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Connecting Mammalian Genome with Phenome by ENU Mouse Mutagenesis: Gene Combinations Specifying the Immune System




Papathanasiou, Panagiotis
Goodnow, Christopher

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Annual Reviews Inc


The human and mouse genome sequences bring closer the goal of understanding how characteristics of adult mammalian physiology and pathology are encoded by DNA. Here we review the challenge of understanding how genes specify mammalian traits, with particular focus on the cells and behavior of the immune system. Summarized is the emerging experience, advantages, and limitations of using ethylnitrosourea (ENU) to modify the mouse genome and select informative variants by phenotypic screens, yielding two main conclusions. First, ENU-induced variation provides an eminently feasible route to understanding how the genome encodes important mammalian processes without any prior assumptions about genes, their chromosomal locations, or expression patterns. Second, ENU alleles match those arising by natural variation. By changing individual protein domains or splice products, these alleles reveal separate gene functions specified through protein combinations.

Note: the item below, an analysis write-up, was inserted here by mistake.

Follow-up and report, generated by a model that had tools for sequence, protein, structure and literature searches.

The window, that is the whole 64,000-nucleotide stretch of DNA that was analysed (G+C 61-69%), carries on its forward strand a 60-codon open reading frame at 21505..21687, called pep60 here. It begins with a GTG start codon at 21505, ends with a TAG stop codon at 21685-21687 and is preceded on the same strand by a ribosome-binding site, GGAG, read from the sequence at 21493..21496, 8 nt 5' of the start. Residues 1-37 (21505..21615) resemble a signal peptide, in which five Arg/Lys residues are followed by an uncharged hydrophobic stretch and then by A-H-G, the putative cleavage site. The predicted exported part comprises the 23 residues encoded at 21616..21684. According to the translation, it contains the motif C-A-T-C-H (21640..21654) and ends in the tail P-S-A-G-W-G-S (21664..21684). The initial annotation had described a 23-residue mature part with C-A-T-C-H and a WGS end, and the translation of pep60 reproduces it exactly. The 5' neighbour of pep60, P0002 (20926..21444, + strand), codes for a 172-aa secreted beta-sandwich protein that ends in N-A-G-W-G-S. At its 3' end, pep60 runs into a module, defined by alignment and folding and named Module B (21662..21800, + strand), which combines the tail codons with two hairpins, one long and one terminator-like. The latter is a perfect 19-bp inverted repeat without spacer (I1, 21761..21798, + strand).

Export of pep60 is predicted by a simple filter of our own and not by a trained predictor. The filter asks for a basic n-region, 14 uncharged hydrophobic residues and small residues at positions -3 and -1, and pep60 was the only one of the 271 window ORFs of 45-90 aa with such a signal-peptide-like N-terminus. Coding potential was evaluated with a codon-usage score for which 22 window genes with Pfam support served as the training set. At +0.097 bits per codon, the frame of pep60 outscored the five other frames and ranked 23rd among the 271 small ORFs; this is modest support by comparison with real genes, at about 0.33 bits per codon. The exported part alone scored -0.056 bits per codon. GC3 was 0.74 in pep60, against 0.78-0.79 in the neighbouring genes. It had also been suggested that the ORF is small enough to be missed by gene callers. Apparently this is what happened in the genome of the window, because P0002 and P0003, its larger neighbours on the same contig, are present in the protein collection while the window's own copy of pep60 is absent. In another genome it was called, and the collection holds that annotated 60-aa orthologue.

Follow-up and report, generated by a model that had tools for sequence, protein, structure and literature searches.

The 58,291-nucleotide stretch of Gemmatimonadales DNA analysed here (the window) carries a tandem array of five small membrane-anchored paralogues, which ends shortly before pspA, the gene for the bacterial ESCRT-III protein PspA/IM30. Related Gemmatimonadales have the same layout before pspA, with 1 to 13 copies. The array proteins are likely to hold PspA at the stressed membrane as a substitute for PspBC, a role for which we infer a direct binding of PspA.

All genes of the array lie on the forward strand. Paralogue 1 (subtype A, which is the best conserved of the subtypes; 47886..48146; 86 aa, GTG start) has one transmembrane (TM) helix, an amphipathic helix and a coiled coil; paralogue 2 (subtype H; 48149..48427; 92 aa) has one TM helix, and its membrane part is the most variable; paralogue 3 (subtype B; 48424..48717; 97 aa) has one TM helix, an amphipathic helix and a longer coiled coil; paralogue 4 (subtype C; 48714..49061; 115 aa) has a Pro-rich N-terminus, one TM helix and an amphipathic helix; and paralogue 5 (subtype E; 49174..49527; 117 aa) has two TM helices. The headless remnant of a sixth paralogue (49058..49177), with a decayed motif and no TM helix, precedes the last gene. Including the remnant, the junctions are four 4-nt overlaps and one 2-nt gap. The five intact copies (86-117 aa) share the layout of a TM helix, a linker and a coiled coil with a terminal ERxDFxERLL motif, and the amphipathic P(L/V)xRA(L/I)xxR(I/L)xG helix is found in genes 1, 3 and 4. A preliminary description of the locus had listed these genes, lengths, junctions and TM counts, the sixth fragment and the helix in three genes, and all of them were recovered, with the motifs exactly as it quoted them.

Keywords: ethylnitrosourea; allelism; gene expression; gene frequency; gene function; gene location; gene sequence; genetic variability; genome; immune system; innate immunity; mouse; mutagenesis; nonhuman; phenotype; priority journal; review; RNA splicing; T lymph Allele; Genome; Mouse; Mutagenesis; Phenome; T lymphocyte



Annual Review of Genetics


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